Fun fact: We stole this basketball from a 10 year old kid that was playing basketball on its own. Wouldn't recommend it, but it got me a great photo.

Photo's of me taken by Quentin / No Sugar, No Milk

So, I moved to Hong Kong. Now what?

8/11/2019

On this lovely morning, I am writing from my apartment in Hong Kong, my new home sweet home.

It has been a wild year so far, and that's putting it delicately. Let's just say, 2019 is doing me good, very good. Starting off the year still at university in England, trying to live my second year of university to the fullest while searching for a placement. At the beginning of 2019, I had no idea where I would be in 5 months time. I had idea's; I knew I was going to be overseas, for sure. Singapore? Australia? New York?
Something far away at least, something that was different from England or the Netherlands. Hong Kong has always been on my mind. I visited Hong Kong back in 2015, but moving here sounded too scary for my liking. USA and Australia are still quite western, a comfortable option, while Hong Kong is different. Different language, different culture, different things in the super market. I decided to still shoot my shot in Hong Kong, since life starts outside your comfort zone, right?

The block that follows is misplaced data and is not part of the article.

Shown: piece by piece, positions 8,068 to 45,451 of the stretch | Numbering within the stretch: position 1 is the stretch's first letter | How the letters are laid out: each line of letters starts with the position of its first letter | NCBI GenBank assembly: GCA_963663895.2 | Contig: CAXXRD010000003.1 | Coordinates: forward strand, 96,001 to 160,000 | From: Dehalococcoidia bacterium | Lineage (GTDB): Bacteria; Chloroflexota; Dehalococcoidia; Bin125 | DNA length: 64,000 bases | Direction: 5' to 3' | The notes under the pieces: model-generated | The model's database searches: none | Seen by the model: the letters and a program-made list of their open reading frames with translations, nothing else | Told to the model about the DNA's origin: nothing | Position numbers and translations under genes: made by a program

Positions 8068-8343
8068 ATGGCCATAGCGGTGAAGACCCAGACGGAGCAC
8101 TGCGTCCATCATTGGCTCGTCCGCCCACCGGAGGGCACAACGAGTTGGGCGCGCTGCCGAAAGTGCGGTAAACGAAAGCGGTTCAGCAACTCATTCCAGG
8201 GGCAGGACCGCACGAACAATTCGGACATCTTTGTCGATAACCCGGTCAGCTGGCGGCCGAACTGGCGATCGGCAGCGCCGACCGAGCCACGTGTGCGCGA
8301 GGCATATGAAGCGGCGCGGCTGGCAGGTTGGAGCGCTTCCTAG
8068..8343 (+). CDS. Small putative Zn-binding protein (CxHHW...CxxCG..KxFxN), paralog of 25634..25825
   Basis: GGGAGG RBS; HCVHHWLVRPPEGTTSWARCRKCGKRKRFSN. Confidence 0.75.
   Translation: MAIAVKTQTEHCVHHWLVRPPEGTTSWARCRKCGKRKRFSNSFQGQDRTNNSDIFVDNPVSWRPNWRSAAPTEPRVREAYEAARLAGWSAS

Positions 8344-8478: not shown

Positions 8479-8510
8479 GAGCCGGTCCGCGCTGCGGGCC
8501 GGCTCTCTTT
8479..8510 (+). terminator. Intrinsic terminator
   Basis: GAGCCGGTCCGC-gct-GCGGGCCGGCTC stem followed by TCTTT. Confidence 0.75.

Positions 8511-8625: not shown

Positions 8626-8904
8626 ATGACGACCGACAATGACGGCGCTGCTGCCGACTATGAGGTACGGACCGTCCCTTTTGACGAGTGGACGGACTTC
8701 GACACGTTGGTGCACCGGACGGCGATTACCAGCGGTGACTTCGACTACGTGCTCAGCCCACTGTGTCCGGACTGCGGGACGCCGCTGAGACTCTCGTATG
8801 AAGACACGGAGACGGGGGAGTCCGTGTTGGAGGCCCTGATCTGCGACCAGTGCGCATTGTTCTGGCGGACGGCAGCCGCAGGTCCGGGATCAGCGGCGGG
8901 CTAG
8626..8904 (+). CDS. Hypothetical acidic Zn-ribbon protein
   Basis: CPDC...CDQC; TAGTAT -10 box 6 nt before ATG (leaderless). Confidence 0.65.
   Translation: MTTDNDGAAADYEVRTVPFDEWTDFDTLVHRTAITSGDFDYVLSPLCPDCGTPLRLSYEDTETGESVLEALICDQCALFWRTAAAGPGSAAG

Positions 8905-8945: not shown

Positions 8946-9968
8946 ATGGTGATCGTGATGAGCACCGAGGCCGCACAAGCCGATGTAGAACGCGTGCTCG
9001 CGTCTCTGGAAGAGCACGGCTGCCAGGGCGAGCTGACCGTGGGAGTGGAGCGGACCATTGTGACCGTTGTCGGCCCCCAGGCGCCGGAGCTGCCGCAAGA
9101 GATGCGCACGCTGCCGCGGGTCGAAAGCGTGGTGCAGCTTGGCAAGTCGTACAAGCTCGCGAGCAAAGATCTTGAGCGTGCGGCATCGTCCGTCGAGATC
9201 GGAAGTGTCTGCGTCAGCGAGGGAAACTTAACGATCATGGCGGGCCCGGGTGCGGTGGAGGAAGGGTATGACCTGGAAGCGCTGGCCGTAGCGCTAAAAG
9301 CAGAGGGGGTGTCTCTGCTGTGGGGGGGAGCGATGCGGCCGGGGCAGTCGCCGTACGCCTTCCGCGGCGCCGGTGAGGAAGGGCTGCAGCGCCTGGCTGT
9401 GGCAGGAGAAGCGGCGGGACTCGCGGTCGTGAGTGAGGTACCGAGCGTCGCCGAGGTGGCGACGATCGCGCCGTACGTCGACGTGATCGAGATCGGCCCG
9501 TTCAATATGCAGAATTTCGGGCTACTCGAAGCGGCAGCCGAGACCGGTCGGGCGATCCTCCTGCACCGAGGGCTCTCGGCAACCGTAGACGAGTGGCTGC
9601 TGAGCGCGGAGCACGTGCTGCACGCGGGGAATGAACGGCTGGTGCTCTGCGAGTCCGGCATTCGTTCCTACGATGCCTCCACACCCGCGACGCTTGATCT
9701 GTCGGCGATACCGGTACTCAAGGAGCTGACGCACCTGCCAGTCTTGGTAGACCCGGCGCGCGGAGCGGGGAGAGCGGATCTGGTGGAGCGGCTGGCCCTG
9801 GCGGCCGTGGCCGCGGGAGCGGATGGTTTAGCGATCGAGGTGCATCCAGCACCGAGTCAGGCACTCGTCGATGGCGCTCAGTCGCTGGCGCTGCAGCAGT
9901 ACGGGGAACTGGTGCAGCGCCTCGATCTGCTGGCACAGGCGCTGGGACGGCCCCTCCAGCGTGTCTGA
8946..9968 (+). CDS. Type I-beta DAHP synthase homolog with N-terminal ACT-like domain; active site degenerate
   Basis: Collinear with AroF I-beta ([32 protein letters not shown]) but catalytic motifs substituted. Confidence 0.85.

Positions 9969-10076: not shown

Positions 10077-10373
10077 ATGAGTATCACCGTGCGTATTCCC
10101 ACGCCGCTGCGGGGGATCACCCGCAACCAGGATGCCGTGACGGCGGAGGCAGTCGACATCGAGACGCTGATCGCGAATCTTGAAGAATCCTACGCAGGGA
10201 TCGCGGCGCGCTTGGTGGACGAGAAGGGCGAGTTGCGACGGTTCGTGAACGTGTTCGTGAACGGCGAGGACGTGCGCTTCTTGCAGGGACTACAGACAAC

In February I received THE e-mail, a work placement offer in Hong Kong starting in July. I could not hide my happiness, I was going to move to Hong Kong in less than four months (say what?). How cool is that? It still makes me tear up when I think about that moment, especially after all the rejections I have received.
In the same month I got an acceptance email to a summer school in Shanghai too, for a month of studying Mandarin language in June.

It's now August (two months later) and I have to say, without having done an exchange in Shanghai for a month, I probably wouldn't have loved Hong Kong as much as I do now. And I probably wouldn't be this open-minded and outgoing as I am now.
Living in Shanghai was scary, but still comfortable. I had the comfort of going with a group of students from my English university. We all shared the same experience, the same culture shock and the same difficulties. If I did not had them, moving to Asia would probably be a whole lot more scary.
Now, because I have experienced China for a month and have travelled around Asia since 2015, the culture shock isn't as big as expected and living in Hong Kong is actually quite easy.